But yeah, we welcome open source
contributors and, and would

love to have more of them.

Um, it'll be a big push of ours after
we close this next round, we will

have a bounty pool and, and we'll be
doing some, some small hackathons,

virtual hackathons and stuff like that.

We haven't done that quite yet, uh,
but that'll be a big effort of ours,

uh, after we close this next round.


Kevin Horek: That, that
makes a lot of sense.

So I'm, I'm curious.

Because there's still a lot of kind of
like doom and gloom right now in tech.

What are your thoughts on
the industry right now?

You've kind of covered a little
bit, but I want to get your

thoughts as somebody's kind of in
the trenches building this stuff.

Andrew Smith: It's a great time to build,
um, head down, focus on the product.

Don't worry too much
about the outside noise.

Uh, so that's sort of at
a high level what I think.

I think that the way that we
improve humanity is through tools.

This has been the case since we
first started walking upright.


Um, yeah.

This is how humanity advances.

It's how, uh, society becomes more
productive, is that we, we build tools

that make our labor more productive.

Uh, I think AI is, is gonna
be a big part of that.

Um, ai, I view it as a tool.

I, I'm not an AI dor, uh, a lot.

I have a lot of friends who are, so
they'll probably hammer me for this.

I'm not at all.

Uh, I think, yeah, I'd like put a guy
with a jug of water next to the data

center where you're hosting it and if
it goes rogue, pour the water on it.

Like there's ways to solve these doom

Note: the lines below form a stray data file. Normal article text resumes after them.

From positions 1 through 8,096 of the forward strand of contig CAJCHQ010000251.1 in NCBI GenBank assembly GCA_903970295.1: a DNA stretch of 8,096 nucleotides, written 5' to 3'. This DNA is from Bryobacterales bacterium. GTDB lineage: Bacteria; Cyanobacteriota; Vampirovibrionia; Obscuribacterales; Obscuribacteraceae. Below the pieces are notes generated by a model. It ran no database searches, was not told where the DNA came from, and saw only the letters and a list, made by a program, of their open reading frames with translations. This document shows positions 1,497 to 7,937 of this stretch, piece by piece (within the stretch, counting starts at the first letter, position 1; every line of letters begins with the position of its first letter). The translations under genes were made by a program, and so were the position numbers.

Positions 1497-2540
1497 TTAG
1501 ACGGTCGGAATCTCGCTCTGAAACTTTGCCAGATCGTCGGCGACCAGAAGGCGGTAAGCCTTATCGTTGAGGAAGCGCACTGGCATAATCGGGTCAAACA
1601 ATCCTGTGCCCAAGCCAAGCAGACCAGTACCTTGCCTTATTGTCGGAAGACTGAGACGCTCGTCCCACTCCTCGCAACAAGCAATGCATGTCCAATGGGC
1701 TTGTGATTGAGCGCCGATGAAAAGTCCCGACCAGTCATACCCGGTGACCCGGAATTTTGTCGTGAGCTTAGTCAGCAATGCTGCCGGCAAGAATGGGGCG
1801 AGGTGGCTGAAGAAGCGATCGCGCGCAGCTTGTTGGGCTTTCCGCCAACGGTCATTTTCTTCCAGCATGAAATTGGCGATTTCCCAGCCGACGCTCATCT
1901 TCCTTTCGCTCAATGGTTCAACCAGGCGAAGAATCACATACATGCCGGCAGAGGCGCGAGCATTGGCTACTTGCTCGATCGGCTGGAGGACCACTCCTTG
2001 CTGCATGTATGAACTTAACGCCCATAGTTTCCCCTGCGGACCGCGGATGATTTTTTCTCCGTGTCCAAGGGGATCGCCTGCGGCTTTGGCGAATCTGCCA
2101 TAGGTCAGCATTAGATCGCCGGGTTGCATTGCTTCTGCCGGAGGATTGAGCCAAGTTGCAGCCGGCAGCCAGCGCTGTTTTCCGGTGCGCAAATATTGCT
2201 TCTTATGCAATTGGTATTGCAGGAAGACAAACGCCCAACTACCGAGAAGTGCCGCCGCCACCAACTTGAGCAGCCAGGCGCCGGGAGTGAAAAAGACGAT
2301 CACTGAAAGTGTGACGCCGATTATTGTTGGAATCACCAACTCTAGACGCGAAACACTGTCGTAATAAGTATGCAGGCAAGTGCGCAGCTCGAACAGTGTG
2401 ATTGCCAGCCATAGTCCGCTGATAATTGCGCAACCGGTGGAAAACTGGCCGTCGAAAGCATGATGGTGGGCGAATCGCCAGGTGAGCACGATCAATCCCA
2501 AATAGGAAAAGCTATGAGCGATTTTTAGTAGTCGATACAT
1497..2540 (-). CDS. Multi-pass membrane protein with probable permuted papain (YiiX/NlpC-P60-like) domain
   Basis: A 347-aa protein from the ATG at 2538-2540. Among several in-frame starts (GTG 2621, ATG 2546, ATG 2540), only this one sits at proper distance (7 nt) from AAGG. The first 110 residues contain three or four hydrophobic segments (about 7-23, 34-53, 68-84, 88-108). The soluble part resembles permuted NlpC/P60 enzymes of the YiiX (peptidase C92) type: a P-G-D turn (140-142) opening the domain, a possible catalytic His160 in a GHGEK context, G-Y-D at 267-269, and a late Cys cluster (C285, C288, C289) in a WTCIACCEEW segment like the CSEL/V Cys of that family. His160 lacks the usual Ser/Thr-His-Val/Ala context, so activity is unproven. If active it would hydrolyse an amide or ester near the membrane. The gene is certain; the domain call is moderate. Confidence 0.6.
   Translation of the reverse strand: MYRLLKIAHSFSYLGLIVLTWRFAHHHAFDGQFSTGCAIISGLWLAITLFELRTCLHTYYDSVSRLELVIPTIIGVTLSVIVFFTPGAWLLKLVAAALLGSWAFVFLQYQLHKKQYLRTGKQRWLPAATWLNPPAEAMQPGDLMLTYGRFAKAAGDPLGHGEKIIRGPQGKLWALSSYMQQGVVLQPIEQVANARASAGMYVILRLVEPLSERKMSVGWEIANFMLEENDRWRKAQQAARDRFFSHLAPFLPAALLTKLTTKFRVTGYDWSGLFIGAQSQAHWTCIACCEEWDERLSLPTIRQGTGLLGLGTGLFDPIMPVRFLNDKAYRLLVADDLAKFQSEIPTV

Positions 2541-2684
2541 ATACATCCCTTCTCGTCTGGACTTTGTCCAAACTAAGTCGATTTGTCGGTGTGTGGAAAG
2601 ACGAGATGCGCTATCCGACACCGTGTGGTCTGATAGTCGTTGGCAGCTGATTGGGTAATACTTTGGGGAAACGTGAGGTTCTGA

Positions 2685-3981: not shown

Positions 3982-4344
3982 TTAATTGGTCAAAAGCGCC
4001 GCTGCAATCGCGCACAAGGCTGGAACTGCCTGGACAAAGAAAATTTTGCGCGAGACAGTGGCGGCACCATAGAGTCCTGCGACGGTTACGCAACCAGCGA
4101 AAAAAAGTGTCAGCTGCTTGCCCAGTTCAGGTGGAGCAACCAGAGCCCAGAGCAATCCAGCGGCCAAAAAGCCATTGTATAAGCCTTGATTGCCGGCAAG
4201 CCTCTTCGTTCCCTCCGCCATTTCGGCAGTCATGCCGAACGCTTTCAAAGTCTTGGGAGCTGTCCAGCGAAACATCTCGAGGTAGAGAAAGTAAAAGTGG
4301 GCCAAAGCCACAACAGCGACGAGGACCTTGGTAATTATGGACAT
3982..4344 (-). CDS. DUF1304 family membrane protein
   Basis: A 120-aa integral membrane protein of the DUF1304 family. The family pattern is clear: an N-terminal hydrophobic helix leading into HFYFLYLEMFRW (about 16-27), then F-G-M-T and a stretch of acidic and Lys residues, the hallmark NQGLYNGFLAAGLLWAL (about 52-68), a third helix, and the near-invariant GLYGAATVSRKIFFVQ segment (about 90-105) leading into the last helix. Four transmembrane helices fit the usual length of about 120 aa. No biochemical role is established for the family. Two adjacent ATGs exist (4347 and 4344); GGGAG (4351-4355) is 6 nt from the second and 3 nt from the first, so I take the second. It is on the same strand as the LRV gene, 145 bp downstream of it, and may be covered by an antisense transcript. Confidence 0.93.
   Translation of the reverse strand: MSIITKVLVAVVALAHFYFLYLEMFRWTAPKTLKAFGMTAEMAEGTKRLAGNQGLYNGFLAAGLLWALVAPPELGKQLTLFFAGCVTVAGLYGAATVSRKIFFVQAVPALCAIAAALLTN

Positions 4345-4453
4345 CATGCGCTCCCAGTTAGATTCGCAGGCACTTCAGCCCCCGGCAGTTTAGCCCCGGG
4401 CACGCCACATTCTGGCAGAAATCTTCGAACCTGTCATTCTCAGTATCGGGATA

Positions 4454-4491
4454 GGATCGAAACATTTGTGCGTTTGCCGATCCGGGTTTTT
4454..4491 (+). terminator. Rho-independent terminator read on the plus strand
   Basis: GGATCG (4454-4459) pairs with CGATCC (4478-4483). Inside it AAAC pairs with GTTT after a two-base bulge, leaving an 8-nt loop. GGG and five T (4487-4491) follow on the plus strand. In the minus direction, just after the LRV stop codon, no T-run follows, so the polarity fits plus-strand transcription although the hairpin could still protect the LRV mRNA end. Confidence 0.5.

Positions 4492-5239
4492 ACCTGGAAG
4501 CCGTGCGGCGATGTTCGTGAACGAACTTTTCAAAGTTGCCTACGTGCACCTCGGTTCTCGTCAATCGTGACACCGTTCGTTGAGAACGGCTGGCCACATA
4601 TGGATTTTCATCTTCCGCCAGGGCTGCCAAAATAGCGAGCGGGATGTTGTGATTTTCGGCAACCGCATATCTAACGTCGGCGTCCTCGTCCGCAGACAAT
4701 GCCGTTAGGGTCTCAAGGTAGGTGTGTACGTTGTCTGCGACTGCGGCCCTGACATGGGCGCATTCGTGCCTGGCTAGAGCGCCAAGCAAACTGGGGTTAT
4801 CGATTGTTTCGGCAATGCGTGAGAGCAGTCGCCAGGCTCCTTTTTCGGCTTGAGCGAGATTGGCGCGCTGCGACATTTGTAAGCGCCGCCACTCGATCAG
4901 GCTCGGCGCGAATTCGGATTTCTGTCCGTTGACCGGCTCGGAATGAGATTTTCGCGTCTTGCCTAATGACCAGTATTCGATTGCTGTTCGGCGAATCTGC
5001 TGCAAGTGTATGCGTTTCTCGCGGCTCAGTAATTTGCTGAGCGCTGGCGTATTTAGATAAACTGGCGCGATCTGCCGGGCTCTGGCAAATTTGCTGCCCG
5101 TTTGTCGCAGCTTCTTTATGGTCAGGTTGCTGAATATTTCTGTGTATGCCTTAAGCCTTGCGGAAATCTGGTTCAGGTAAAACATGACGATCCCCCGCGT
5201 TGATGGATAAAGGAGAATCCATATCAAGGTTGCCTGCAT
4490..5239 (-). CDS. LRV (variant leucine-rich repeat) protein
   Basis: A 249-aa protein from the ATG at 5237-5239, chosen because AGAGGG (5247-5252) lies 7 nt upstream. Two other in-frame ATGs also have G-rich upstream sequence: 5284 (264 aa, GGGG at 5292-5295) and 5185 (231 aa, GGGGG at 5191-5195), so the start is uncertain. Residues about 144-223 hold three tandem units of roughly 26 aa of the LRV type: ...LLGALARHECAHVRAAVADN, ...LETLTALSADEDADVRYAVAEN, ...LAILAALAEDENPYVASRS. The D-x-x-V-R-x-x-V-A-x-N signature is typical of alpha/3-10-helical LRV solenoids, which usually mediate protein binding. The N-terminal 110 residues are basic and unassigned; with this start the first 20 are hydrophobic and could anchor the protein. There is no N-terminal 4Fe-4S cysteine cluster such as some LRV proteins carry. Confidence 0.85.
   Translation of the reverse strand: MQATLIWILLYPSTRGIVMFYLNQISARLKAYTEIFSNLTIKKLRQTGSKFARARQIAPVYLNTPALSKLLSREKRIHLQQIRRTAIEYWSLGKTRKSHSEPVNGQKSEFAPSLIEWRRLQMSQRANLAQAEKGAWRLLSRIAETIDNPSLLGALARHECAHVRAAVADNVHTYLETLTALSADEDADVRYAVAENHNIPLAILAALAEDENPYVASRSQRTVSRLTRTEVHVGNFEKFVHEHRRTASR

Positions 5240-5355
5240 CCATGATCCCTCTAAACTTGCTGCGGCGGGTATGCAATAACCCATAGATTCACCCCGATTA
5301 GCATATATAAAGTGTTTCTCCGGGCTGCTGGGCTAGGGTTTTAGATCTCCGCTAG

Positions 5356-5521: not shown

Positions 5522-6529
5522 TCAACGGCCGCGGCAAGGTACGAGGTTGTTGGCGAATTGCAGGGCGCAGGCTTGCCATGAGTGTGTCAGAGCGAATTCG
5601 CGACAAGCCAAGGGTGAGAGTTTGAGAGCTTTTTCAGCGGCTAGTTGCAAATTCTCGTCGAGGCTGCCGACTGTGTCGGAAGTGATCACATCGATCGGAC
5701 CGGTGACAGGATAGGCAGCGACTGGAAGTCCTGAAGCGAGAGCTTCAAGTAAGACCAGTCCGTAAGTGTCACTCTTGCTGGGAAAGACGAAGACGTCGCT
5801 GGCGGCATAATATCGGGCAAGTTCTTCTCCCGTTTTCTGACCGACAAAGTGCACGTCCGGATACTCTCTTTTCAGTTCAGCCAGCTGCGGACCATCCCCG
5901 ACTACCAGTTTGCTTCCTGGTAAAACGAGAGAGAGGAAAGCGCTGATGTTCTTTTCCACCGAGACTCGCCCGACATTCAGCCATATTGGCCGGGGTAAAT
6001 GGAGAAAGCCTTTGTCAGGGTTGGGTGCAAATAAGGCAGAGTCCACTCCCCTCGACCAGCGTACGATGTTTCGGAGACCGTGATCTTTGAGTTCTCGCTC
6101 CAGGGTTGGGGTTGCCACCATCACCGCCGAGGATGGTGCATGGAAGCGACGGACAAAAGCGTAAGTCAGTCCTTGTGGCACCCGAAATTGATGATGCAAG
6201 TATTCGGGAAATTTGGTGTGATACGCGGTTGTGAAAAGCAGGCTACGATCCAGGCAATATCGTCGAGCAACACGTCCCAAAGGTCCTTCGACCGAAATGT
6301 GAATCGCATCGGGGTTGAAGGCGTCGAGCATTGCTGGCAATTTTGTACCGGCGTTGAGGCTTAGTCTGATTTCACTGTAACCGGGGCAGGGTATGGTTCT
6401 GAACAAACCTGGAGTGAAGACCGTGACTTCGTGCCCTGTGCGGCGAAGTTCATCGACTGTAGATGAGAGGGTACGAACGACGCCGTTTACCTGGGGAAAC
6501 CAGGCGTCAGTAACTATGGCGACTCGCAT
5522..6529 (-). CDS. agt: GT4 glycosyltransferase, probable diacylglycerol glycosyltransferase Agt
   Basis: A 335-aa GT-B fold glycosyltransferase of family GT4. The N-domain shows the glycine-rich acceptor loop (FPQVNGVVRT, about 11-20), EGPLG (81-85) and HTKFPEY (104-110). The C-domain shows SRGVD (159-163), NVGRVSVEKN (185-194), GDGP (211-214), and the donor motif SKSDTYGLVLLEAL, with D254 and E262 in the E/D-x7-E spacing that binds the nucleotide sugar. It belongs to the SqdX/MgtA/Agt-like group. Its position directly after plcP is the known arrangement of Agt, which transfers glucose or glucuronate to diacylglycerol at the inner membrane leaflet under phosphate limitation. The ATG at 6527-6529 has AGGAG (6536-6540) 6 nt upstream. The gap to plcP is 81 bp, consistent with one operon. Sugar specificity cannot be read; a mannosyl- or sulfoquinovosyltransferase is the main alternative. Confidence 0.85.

and gloom problems pretty easily.

Um, I am a big fan of, uh,
technology, dramatically reducing.

Uh, the cost of living and dramatically
increasing the productivity.

Um, I am not a Luddite in any way.

I think we need more technology.

I do think we we're very adaptable
as a species and will adapt to it.

Does it mean that some people will
lose their jobs to, uh, automation?


I also think it means they'll
end up getting jobs that are

much better suited for them.

And where they're going to make more
money and have more leisure time.

That's the course of history.

Throughout history, as we invent better
and better tools people, the amount of

time people spend on labor goes down,
the amount of money they make goes up,

and the amount of time they get to spend
with their family and their friends and

enjoying sporting events and going to
the beach and taking vacations goes up.

That's a good thing.

We want more of that.

We want more people to be able to
spend more time enjoying themselves.

So that's where I see us going long term.

Now, in the short term, I think there
are absolutely economic headwinds.

Um, there's no doubt about it.

Inflation is still very high.

Um, we're lied to about it.

By our own government because for
political purposes, everybody who

goes shopping at the grocery store
can see that inflation is going up.

Um, so that, that's a problem.

We need to get that under control.

I do think long-term crypto is
one of the solutions to that.

Moving away from government
controlled money is important.

It's one of our missions.

I think it's at the core ethos
of crypto and needs to continue

to be, uh, you don't hear as many
people talking about it anymore.

I still think that that's important.

So that will help, I think long term.

Um, in terms of like where I see the
general tech industry going, I think

it's gonna become more fragmented.

A lot of people think
it's gonna consolidate.

I actually think the
opposite's gonna happen.

It's gonna become more open source,
it's gonna become more fragmented.

It's go gonna become easier
than ever before to become a

entrepreneur in the tech space.

Uh, some of the things you
mentioned about no code AI being

able to generate code for you.

It's gonna make it easier than
ever to take an idea from zero

to, to at least prototype or mvp.

And as a result of that, you're gonna
get more people who do go out on their

own and try to start their own business.

And that's a good thing.